WERTZ: Yeah. Well, it’s like a…
PRINCE: Jumper?
WERTZ: You call it a jumper, like a housecoat sort of style, like a coat, like nurse’s. Everybody had to wear them. White collar and navy blue.
PRINCE: So your physical needs were…
WERTZ: Well, but you have to have the skirt and the blouse and the dress underneath. Well, my physical needs were taken care of. We have our own sleeping quarters but in winter we had to stoke all the – how do you call them? Stoves, no, heating. It’s not a fireplace but a stove, you know, a ceramic stove which gives heat. Do you know of anything like that?
PRINCE: I know what you mean.
WERTZ: I had duties.
PRINCE: What duties did you like?
WERTZ: What duties did I like? Oh, I liked making fire because that was an art to do that. It makes everybody happy and it makes warm and (NOT CLEAR)
PRINCE: How did you make a fire?
WERTZ: How? Well, first you clean the – I don’t know what you call it.
PRINCE: Grate?
WERTZ: Grate. And then you cut some sticks and some paper and coals. You had to carry coals from the outside. And so you put coals in there, you know, and hope that it will start. And when fire gets bigger, you put more coals. Then you see that vent is open. (NOT CLEAR) And when it gets to the stage of white and hot and…the ceramic part gets hot. Actually, we made it a point not to lean against that fireplace or whatever. How do you call this thing. No, no, no, I don’t need it, I just…because it would take heat from other people. It would not be distributed.

Tape 3 - Side 1 (Prince)

PRINCE: So it made you feel good, made you feel warm, to make other people feel warm…
WERTZ: Yeah, right. And (UNCLEAR) someone said, “Go to bed. It’s 10 o’clock, and…” And well, I remember as a teenager I wanted to go to a play and I (UNCLEAR). And they locked the gates, but I climbed over and went from home at midnight with a friend.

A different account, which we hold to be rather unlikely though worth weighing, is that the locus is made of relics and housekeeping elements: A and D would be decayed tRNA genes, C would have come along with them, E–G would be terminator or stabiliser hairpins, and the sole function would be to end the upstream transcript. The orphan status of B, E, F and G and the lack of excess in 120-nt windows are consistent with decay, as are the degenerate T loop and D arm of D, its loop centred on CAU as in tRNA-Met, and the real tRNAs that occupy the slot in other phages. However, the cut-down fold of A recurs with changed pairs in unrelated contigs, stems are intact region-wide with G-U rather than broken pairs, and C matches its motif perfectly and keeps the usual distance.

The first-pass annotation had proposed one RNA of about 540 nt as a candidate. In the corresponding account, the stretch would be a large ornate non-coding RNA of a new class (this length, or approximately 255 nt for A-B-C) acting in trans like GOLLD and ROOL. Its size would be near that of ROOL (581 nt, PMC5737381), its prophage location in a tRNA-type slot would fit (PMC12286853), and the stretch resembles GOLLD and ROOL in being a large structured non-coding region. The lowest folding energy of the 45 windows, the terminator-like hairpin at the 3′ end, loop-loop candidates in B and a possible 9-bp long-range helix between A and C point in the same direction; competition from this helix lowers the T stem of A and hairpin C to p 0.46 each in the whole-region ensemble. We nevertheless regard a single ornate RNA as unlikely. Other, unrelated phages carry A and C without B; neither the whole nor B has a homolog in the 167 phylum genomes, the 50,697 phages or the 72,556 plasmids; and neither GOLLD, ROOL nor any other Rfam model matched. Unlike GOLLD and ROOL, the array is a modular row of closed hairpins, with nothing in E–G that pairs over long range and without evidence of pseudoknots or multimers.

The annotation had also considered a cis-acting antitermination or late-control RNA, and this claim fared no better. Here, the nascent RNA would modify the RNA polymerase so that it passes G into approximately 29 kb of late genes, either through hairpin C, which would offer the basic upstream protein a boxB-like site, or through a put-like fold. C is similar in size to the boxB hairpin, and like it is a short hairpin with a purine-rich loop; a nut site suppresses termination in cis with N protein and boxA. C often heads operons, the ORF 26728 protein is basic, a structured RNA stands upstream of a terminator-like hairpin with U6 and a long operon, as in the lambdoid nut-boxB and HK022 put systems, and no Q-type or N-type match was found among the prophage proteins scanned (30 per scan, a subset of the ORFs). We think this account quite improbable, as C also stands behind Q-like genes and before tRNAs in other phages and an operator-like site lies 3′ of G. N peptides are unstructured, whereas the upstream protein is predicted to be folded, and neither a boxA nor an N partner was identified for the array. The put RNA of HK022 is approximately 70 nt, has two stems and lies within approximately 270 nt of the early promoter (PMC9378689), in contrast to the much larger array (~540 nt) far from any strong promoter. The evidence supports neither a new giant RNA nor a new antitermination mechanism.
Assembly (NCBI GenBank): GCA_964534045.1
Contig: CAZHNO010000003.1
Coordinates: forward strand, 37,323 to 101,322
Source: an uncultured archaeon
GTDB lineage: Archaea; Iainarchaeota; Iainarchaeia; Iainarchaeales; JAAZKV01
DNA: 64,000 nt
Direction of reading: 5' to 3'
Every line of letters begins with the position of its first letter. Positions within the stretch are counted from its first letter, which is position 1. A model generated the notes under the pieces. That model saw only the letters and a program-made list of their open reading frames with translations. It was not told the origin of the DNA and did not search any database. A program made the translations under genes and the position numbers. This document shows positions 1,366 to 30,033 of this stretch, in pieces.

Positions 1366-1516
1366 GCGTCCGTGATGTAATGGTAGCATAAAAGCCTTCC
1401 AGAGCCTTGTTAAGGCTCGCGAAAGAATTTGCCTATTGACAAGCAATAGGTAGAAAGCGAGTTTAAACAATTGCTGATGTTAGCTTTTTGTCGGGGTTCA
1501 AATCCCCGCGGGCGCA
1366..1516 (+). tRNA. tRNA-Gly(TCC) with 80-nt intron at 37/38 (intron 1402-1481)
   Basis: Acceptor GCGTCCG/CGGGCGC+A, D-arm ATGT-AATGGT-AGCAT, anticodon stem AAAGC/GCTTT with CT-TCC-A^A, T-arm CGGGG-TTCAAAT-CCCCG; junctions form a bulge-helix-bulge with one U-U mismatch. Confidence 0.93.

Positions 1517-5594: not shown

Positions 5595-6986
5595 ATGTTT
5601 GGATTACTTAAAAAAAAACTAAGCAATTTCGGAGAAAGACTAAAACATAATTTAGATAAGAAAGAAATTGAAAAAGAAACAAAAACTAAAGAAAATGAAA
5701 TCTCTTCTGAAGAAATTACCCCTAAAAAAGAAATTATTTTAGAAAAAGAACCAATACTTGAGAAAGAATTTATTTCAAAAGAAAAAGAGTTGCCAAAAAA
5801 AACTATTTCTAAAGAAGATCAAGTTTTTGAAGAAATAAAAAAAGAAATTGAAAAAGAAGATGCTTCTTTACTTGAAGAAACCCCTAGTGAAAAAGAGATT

PRINCE: What kind of friend?
WERTZ: Oh, a girlfriend. And again, when we were coming back, we had to climb the gate again, and then we were punished.
PRINCE: What was this punishment?
WERTZ: Oh yes, they had a fun way of punishing. But I had to sleep with the youngest first and second graders’ bedrooms, all the little people, so much responsibility. And, oh yes, and I was denied going, every weekend Saturday night we’d go to the movies, and I was not allowed to go to the movies for a month.
PRINCE: Did that bother you?
WERTZ: Yes it bothered me, but they wanted my apologizing and my admitting my guilt, and I wouldn’t.
PRINCE: (LAUGHTER) And you’re just smiling at me and winking.
WERTZ: I wouldn’t because that was done for our sake and I got to see that play and…because that was the thing that first they allowed me and then they didn’t. They changed their mind.
PRINCE: You had your principles.
WERTZ: Yeah. That was the problem. Usually I tried to be a good little girl. (UNCLEAR) I never had to tell them to study or anything like that. It’s like a given that they have to perform in school and do their homework.
PRINCE: And they know that.
WERTZ: And they know that. They see that others don’t and that influenced them.
PRINCE: What did you own as a child?
WERTZ: Nothing, no possessions, nothing. I’m not attached to possessions today.
PRINCE: Did you have a hairbrush?
WERTZ: Oh, I had a – no, no, I had a comb; it was rationed. Maybe I had a brush, some American brush.
PRINCE: Toothpaste?
WERTZ: Yeah, we had. I had – maybe I had my own stockings. I washed them every night.
WERTZ: Oh, we, I don’t know where we – oh, at one point I was working, performing in a theatre, in a dance school. They had a children’s play.
PRINCE: Is this the folk dancing?
WERTZ: “Cinderella” – yeah – no, that was not the folk dancing. That was part of the play, “Cinderella.” A very respectable theatre was running “Cinderella” for children, the play, but actors were playing. And they invited us to dance, a couple of dances there. And that was a thrill because it was a firsthand look into real theatre life and into acting. And I made money. So I could buy my stockings and underwear and go to the movies. And I wouldn’t take my makeup off after dancing, and I would go on the street, to streetcars and have makeup and they’d let me…she’s so young and so painted. I have a picture of it. (LAUGHTER) My Anya keeps it in her room, real made up, not realizing – oh, I loved that. I feel so close to actors and theatre because of that. Then we had a movie made.
PRINCE: You told me. (OVERTALK) That’s on the tape.
WERTZ: Yeah. Friday I’m meeting a person who is in film, and he might know – see, I grew up with this Jewish writer who was Polish. His name was Henryk Greenberg; you never heard about him. He wrote about Holocaust. He was a Holocaust survivor, and he became an actor in Yiddish theatre in Warsaw. He lives in America. I’m meeting his friend, probably on Friday, and I will try to get those two movies in which I am.